The suggested colors for the insignia are: the background, a shade of lilac—the official academic color of dentistry; the letter Ο in gold; the letter Δ in black; the cautery in gold outlined in black, and the leaves, berries and serpent merely outlined in black on the lilac background.

The National Association of Dental Faculties in 1897 chose the color lilac as the profession’s major color. The color trims dental schools’ graduation gowns and caps and may be found in dental banners, emblems, insignia, signs, symbols and publications.

This dental insignia was adopted by the American Dental Association in November 1965 as the official emblem of dentistry.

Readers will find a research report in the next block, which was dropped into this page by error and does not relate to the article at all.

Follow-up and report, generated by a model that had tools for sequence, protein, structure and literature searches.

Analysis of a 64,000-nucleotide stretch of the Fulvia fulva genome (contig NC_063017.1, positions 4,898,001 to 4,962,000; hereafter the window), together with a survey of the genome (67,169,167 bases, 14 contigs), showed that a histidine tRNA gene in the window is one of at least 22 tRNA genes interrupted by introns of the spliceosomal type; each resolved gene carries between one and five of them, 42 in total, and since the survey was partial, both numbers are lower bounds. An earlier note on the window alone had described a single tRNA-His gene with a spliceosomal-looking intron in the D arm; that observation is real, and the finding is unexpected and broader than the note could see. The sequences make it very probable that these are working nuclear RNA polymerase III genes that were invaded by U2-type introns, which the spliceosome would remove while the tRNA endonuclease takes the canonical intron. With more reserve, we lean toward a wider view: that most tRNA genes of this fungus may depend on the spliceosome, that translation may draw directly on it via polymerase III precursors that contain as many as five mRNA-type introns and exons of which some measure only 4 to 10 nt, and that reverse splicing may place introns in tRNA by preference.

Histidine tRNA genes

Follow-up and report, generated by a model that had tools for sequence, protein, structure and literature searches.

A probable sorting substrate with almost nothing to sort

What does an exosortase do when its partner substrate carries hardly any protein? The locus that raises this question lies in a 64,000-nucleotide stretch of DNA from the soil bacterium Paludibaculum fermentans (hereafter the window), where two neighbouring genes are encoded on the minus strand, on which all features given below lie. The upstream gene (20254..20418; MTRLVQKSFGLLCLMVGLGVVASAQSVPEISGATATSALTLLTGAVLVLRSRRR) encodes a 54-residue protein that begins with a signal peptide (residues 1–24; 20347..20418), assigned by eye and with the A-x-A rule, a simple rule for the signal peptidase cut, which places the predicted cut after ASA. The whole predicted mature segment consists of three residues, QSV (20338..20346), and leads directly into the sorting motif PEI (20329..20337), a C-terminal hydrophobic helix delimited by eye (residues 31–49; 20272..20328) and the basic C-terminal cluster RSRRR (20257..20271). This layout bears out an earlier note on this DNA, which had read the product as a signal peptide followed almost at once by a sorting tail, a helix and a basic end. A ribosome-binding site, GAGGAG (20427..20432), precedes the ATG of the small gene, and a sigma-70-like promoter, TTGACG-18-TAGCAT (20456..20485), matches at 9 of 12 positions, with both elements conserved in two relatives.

The design uses as its central figure a serpent entwined about an ancient Arabian cautery in the manner of the single serpent of Aesculapius, the Greek god of medicine, coiled about a rod.

The Greek letter Δ (delta), for dentistry, and the Greek letter Ο (omicron), for odont (tooth) form the periphery of the design.

In the background of the design are 32 leaves and 20 berries, representative of the permanent and temporary teeth.

Dental Trivia